Political Opportunism and the 18th Constitutional Amendment
November 23, 2023 05:02 PM
The 18th Constitutional Amendment, a landmark achievement towards the distribution of fiscal resources, and delegation of administrative and legislative competencies, keeps on making headlines in Pakistan. The decentralization i.e. distribution of fiscal resources, abolition of the concurrent list, and the entitlement of provinces on the residual subjects, achieved through the historic parliamentary endeavour addressed much of the concerns of the constituting units of the Pakistani federation. However, the parties whether with or eyeing the control of the centre express their wishes to get done with the amendment while the nationalist and regional political parties from the peripheral areas, in response, vow to protect the constitutional guarantees that the aforementioned amendment provided.
The amendment in the Constitution of the Islamic Republic of Pakistan, as explained in Chapter Xi of the Constitution, is a relatively rigid phenomenon that requires the support of two-thirds of the membership in both Houses of the Majlis e Shoora, the Parliament. The voting on such amendment is through open voting and requires strict adherence to the Parliamentary party directions; those diverging may face disqualification on the ground of defection under Art 63-A.
Earlier this week, Dawn, citing a source within the party, reported that the Pakistan Muslim League (Nawaz) is aiming to axe the 18th Constitutional Amendment, not as a whole but a few parts of it at least. The suggestions received by the recently constituted PMLN manifesto committee aim at reformulating the distribution of fiscal resources, and ultimately, changing the dynamics of the centre and provinces’ shares, the source revealed. These reports, though denied through a statement issued by Ms. Marriyum Aurangzeb, the Secretary of the Manifesto Committee, align with the assertions made by another senior party leader Khawaja Saad Rafique after a meeting held with a delegation of Muttahida Qaumi Movement-Pakistan in Karachi earlier this month. Mr. Rafique hinted toward constitutional reforms aiming at protecting the local governments and making the constitution more “people friendly”.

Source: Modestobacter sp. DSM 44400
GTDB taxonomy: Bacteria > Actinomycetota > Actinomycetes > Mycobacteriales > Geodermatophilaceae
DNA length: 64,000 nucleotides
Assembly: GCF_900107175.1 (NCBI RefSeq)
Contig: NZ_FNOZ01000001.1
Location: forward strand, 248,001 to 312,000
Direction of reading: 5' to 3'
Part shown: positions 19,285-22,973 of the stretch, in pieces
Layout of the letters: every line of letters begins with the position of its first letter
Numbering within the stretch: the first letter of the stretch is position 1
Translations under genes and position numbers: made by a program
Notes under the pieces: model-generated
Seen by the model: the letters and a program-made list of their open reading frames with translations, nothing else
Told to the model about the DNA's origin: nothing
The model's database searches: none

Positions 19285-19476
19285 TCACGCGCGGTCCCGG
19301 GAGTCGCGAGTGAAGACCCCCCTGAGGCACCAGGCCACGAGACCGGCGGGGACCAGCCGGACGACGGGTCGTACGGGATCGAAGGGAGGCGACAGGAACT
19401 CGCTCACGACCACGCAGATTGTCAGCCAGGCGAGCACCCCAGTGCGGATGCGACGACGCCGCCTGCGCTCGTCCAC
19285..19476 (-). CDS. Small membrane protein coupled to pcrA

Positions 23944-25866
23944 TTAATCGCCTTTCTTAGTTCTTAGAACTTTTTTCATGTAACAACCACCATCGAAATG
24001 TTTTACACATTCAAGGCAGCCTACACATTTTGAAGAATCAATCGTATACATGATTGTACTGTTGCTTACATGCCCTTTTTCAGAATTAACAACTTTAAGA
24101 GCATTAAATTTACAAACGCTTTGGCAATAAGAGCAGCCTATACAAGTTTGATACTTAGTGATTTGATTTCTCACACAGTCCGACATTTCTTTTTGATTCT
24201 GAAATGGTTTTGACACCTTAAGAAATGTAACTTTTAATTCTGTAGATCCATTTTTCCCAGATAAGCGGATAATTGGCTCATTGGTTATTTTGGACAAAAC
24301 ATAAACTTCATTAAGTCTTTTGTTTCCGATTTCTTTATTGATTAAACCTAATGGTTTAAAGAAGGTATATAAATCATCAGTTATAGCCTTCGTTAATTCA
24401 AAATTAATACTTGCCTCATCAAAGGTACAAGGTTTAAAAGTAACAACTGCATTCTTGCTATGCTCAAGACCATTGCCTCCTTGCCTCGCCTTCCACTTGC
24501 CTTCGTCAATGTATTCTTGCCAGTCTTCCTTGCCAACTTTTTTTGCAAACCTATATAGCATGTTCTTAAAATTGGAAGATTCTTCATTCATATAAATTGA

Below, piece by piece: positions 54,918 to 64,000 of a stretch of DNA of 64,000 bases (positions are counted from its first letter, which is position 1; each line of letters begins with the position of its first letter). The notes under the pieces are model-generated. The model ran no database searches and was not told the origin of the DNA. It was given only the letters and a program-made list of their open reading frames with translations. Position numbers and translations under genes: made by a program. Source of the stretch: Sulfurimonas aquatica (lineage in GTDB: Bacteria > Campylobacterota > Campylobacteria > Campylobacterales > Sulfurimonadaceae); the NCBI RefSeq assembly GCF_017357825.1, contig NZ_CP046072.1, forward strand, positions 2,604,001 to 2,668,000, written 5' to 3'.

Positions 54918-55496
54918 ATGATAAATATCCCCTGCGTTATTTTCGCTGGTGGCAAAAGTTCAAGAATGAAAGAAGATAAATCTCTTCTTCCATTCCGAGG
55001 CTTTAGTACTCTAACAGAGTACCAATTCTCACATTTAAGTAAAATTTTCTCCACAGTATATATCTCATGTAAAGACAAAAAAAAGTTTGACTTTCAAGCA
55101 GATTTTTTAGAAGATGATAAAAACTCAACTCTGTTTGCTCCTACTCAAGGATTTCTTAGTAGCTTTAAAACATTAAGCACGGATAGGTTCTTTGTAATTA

However, such calls are not new to the political pundits. During his premiership earlier, Imran Khan’s criticism of the 18th Amendment had garnered much uproar and feelings of antagonism among the federating units. Pakistan Peoples’ Party, which takes credit for the passage of the amendment, vowed to protect it at any cost, both then and now. Significantly and interestingly, neither PMLN nor PTI had the required numbers in their respective tenure. Now, the question arises, whether PML-N shall be able to require the two hundred and twenty-four seats in the National Assembly in the upcoming general election. However, to collude such a majority seems wishful thinking at the moment whether singularly or by joining the allies in the Parliament esp. from the provinces other than Punjab.
On the one hand, with the general elections in sight, the PDM coalition, be it a collective force or its constituting parties separately, at the moment, lacks both the performance and the narrative to woo the voters toward its polling camps owing to their dismal performance during the 16-month long power stint at the centre. While PMLN did let go of its “Vote ko izzat do” slogan, other parties’ senior leadership keeps on taunting the earlier coalition every now and then. On the other hand, the Pakistan Tehrik e Insaf factor is at play as an overwhelming majority of surveys conducted through different institutes and media channels show the rising popularity of Imran Khan, the PTI chairman, who is currently facing jail time while having more than two hundred FIRs against him.
Amidst the aforementioned political scenario, the revelation of aggressive tendencies vis-à-vis the 18th amendment from sources within the PMLN seems to be aimed at providing the election campaign material for the nationalist, ethnic, and regionalist political parties which otherwise seem to be less popular at the moment than PTI which is battling at many fronts. The disclosure of intent to roll back the amendment is a calculated move to show former coalition partners, demographically spread across the peripheral provinces, pitted against PMLN which largely represents Punjab and is portrayed as in control of the centre, ultimately. In the backdrop of provincialism, such a move shall generate ethnic, and nationalistic apprehensions among the constituents of regional parties which these parties shall appeal to in the upcoming elections.